Skip to main content

How Your Google Profile Can Help Recruiters Find You

If you have an ear to the online sphere, you know Google+, Google’s newest social platform, is all the rage. While Google+ is still in invitation-only mode, early results indicate it could be a keeper. The Wall Street Journal estimates Google+ had 20 million visitors in three weeks. (Google declines to comment, and leaders are cagey when asked for specifics.)
Many early adopters are excitedly proclaiming the new network a replacement for everything from LinkedIn to Twitter to Facebook. No one knows how things will shake out in the social networking sphere, but there is no doubt Google+ heightens the importance of your Google profile.
If you use Google for search and have a profile already, you may have noticed Google provides search results “from people you know.” Current Google search results may include links (even on page one) identified as being shared by your community, assuming your contacts share links regarding the topics you search. They pass along these links by giving articles +1, Google’s version of a Facebook “like.”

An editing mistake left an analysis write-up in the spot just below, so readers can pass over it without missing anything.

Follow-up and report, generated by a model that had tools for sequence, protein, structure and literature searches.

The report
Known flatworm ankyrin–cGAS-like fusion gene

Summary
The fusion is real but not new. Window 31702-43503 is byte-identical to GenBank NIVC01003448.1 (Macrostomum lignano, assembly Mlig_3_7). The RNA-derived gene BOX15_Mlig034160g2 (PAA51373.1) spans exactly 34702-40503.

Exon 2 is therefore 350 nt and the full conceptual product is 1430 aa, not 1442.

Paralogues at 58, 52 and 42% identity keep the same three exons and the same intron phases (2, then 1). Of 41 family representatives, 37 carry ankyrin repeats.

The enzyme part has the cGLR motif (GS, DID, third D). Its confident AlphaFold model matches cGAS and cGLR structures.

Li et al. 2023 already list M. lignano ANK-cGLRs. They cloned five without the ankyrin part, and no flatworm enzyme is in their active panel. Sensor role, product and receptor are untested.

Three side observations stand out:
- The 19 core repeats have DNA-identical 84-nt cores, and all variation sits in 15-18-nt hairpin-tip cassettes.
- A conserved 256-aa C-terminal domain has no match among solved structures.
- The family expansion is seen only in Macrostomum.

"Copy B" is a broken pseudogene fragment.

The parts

Whether or not you choose to join Google+, Google’s ability to connect your profile with searches and the fact that more recruiters may begin to search Google profiles for people to hire make your Google profile an important and powerful tool in your online arsenal.
[See 10 Ways to Use Social Media in Your Job Search.]
If you do incorporate Google+ into your online activities, a profile you may not have taken much time to update becomes the backbone of what could be a very visible presence in Google+. It is worth taking the time now either to create or update your Google profile to be sure it represents information you want people to know about you. If you do join Google+, the network uses your profile to populate your bio.
The good thing is, most of your Google Profile is similar to pieces of your other online profiles, so if you’ve written strong messages on other networks, you will be able to transfer the information to Google. Take a look at the following suggestions to make sure you represent yourself professionally in the newest social network. Start out by visiting Google profiles.